Association for Behavior Analysis International

The Association for Behavior Analysis International® (ABAI) is a nonprofit membership organization with the mission to contribute to the well-being of society by developing, enhancing, and supporting the growth and vitality of the science of behavior analysis through research, education, and practice.


Fourth International Conference; Australia, 2007

Event Details

Previous Page


Paper Session #69
International Paper Session - Human Motor Learning and Extinction
Tuesday, August 14, 2007
11:00 AM–11:50 AM
L2 Room 2
Area: EAB
Chair: Gerson Yukio Tomanari (University of São Paulo)
Extinction in Rats: Response Sequences as Operant Units.
Domain: Experimental Analysis
GERSON YUKIO TOMANARI (University of São Paulo), Alessandra Villas-Bôas (University of São Paulo)
Abstract: The present research analyzed two different processes that often occur during extinction, that is, behavioral resurgence and behavioral variation. Sixteen rats were exposed to contingencies in which sequences of four bar presses distributed in two different manipulada were trained as operant units. Four distinct operant units were trained in each of four different experimental conditions. Two groups of subjects were constituted. For Group 1, but not for Group 2, an extinction period immediately followed each trained operant. For both groups, an extinction period followed the training of the fourth operant. Considering this final extinction period, results showed that the absence (versus the presence) of the intermediate extinction periods (Group 2 versus Group 1, respectively) was accompanied by a relatively higher frequency of previously trained sequences. This result seems to demonstrate the critical role of the maintenance of a given behavior (i.e., that has not been extinguished) for its behavioral resurgence. In addition, data during extinction showed high frequency of units of four bar-press sequences that had not been previously trained. Such behavioral variation, however, was clearly restricted to sequences that involved lower number of switches between bars. Given these findings, behavioral resurgence and behavioral variation will be related and discussed.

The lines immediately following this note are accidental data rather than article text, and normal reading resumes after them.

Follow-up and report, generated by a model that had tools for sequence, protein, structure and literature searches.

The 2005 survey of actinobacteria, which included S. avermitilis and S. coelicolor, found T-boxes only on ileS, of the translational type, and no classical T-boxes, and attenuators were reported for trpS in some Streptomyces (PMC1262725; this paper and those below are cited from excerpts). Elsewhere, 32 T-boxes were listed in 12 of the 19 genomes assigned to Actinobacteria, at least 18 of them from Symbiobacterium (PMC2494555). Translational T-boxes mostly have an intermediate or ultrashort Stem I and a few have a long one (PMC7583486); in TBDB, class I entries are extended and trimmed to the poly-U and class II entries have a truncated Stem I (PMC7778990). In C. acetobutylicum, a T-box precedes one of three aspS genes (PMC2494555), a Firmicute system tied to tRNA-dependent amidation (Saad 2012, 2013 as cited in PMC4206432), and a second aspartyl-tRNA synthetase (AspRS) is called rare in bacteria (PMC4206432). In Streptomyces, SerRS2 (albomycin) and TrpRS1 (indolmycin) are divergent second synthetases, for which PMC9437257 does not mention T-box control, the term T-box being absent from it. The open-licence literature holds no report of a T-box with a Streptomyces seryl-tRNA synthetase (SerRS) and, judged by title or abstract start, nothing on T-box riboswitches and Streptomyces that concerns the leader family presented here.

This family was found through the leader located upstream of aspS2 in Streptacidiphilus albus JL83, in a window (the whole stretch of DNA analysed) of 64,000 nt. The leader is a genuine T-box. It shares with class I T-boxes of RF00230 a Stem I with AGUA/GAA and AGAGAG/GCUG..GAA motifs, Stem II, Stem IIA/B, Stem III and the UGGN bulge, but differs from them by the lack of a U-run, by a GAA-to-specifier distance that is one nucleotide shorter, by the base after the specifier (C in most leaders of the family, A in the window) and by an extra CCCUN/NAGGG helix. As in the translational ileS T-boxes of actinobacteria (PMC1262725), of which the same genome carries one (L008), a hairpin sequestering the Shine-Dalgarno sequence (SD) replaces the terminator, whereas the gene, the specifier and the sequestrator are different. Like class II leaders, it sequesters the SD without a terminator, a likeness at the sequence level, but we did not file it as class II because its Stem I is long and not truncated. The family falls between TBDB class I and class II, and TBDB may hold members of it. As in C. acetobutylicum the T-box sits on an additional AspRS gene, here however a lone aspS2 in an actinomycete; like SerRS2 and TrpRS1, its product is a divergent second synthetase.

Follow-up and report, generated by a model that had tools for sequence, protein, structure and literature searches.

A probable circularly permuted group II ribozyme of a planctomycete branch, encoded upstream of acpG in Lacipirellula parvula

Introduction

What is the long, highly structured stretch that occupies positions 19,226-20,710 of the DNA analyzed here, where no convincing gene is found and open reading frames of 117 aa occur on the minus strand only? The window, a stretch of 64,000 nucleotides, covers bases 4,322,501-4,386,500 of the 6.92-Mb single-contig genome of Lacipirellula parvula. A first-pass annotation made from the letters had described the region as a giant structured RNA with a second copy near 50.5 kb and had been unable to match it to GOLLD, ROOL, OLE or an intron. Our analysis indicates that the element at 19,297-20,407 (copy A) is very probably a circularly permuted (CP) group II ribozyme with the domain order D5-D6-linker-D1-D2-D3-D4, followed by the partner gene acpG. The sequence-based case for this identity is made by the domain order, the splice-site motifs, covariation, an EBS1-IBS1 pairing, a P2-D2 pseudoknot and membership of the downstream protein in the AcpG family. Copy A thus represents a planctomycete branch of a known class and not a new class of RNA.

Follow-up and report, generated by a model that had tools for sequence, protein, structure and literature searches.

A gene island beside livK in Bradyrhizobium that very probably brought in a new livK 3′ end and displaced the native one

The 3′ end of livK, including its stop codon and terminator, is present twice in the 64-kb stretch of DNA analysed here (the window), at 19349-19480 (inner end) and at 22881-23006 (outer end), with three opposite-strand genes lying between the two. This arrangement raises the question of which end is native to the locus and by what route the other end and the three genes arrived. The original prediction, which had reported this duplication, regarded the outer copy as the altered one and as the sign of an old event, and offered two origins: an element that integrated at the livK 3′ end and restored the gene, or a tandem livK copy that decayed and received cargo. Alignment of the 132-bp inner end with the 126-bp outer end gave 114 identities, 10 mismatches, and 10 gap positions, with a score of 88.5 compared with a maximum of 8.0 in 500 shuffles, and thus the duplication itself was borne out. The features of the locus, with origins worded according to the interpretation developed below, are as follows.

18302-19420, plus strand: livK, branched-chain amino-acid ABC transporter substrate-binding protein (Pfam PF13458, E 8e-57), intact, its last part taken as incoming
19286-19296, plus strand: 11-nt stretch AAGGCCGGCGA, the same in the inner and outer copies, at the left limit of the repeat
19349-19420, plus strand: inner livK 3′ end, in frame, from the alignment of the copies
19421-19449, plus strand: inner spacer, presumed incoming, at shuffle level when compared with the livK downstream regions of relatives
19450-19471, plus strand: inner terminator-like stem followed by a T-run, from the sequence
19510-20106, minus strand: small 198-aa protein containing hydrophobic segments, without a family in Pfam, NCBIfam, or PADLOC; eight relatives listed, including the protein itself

Reinforcement and Feedback in Human Motor Learning.
Domain: Experimental Analysis
IVER H. IVERSEN (University of North Florida)
Abstract: Operant conditioning and human motor learning are two separate areas of psychology. The presentation will outline similarities and differences between these two areas. Reinforcement is the main variable in operant conditioning while “feedback” is the main variable in human motor learning. Reinforcement and feedback are not identical variables and are treated differently in these two areas of psychology. The presentation will outline the similarities and differences between these variables and their relative influence on performance in motor learning tasks with human subjects. Data will be presented from research with human subjects performing computerized aiming tasks and receiving reinforcement as well as feedback for their accuracy. Both reinforcement and feedback were manipulated variables. When verbal statements and graded numbers are given as performance feedback, it is tacitly assumed that the subject’s behavior is controlled by such stimuli. Additional experiments with human subjects determined the extent to which training subjects to use such feedback improves performance. The presentation will seek to encourage behavior analysts to explore literature and research in the area of motor learning; equally, psychologists in the motor learning area are encouraged to explore literature and research in the area of operant conditioning.



Back to Top
Modifed by Eddie Soh